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Winter sports

Crandall Pond in Glens Falls has been off limits to skaters all winter.

Dave Blow, Special to The Post-Star

I was walking the dog in Glens Falls last Saturday under a gorgeous blue, cloudless sky.

It was perhaps the best day of the winter to be outside skiing, sledding, snowshoeing or skating.

As I walked by Crandall Pond, however, I was met by the same “Danger Keep Off the Ice” sign I’ve seen all winter — and animal footprints across the snow-covered ice in the background.

I LOVE Glens Falls, so let’s get that straight. I consider many Glens Falls officials and employees my friends.

But this irked me.

Neighboring towns like Queensbury, Hudson Falls and South Glens Falls have busy outdoor rinks each winter, yet none have the showcase rink that is Crandall Pond. On that Saturday, Route 9 was packed, 20 cars deep, stopped in front of the pond at the light.

My thought was, “What a great ad for Hometown USA if the pond was packed with skaters, young and old.” I thought about my daughters skating there before they were up to my waist and about the column I wrote years back detailing a local dad and 20-something daughter skating side-by-side and laughing. I loved the pictures I took of them skating together and sent them copies.

And selfishly, yes, I love to skate outside in the fresh air on imperfect ice, and Crandall Pond is a short walk from my house.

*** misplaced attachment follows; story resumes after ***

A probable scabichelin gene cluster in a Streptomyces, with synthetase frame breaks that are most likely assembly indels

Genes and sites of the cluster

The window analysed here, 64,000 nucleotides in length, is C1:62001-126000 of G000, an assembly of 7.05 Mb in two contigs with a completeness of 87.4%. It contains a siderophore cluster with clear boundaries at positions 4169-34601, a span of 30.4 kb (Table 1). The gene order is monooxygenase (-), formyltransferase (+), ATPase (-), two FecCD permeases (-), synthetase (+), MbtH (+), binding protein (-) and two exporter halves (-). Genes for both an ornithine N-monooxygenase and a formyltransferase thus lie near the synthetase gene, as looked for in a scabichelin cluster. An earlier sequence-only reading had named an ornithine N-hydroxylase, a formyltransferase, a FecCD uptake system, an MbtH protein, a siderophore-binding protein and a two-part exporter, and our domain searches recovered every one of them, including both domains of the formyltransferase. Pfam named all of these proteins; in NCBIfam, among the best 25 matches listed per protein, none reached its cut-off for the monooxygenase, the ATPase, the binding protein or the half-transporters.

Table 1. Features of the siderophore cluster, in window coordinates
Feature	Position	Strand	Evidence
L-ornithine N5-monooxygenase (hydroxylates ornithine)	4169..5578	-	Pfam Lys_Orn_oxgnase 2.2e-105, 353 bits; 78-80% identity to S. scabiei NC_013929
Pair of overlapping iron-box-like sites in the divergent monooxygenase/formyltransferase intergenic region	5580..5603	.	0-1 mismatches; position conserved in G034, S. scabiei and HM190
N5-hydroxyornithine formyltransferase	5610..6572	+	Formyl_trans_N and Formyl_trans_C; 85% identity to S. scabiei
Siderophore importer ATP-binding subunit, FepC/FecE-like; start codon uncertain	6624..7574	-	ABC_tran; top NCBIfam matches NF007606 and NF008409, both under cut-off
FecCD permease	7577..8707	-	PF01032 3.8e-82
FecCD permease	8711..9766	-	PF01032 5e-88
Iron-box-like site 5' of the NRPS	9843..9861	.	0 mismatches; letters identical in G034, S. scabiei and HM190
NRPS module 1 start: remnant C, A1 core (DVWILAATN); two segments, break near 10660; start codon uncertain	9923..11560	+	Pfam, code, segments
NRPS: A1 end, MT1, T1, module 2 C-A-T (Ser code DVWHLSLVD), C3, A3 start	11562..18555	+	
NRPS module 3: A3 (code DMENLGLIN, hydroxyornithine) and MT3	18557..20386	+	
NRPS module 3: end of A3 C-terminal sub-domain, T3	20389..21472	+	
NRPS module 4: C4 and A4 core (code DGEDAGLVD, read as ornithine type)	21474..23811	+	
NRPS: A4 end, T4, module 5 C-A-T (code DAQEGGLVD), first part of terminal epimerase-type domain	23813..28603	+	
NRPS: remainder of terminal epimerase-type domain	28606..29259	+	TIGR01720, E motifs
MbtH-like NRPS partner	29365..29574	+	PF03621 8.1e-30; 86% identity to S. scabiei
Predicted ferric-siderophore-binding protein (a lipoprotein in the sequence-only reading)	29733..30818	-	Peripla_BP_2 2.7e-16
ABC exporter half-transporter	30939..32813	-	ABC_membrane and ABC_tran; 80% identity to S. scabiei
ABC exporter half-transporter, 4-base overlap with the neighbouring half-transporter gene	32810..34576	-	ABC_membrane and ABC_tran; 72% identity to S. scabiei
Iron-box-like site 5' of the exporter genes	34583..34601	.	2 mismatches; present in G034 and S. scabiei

I’m just not sure why, despite this mostly frigid winter, it hasn’t been cleared off once for people to skate?

I reached out to the city several days ago, but haven’t heard back.

I recently half-jokingly asked Friends of Cole’s Woods President Bill Blood if his group might take over grooming of the pond because volunteers do so well with the adjacent Nordic trails.

He declined, but agreed with me that it’s too bad it has been devoid over skaters all winter. I checked out the rink at East Field too, thinking maybe that had been cleared this season instead.

It hadn’t.

I went to Queensbury’s Gurney Lane on Sunday, another gorgeous sunny day, and strapped on my skates to make some laps. Hadley’s Debbie Eddy and three of her kids — Sabrina, 21, Joe, 17, and Justin, 14 — were already there. The kids were smacking a ball around with hockey sticks as their mom did laps.

Debbie Eddy said she looked online for places to skate before they went grocery shopping. She had never been to Gurney Lane, she said, but decided to stop there first before maybe trying Crandall Pond.

She said something like Crandall Pond hadn’t been too reliable over the past few years. She also talked about the need to get her kids out doing something active and how some needed more prodding than others.

I know this isn’t the biggest issue facing the city, but I don’t think I’m unique in wanting those amazing outdoor days with family and friends skating around in essentially a snow globe, postcard setting.

If duties of the city workforce are too numerous to clear and maintain the pond for skating, are there other options? Could there be a Friends of Crandall Pond group?

I momentarily thought about starting the next sentence with “Clear it, and they will come,” but it felt to shticky and cliché.

But if they do, they will. I’m sure of it.

And if they were to throw a couple floodlights on it, it would be very alive after dark too. And the city recreation building in the park is a short walk away to get warm.

I’m being totally honest, too, when I say I would snowblow it myself if allowed to, so selfishly I can skate close to home and can make other outdoor dads and moms happy in the process.

I walked by the pond again on Wednesday, wondering if Mother Nature’s rain on Tuesday did what the city hasn’t done to make the pond skateable.

The sides were glassy and perfect, but the middle was bumpy, the product of too much snow under the big rain.

Skate-able though — if it weren’t for those signs.

Dave Blow writes a weekly winter sports column for The Post-Star.


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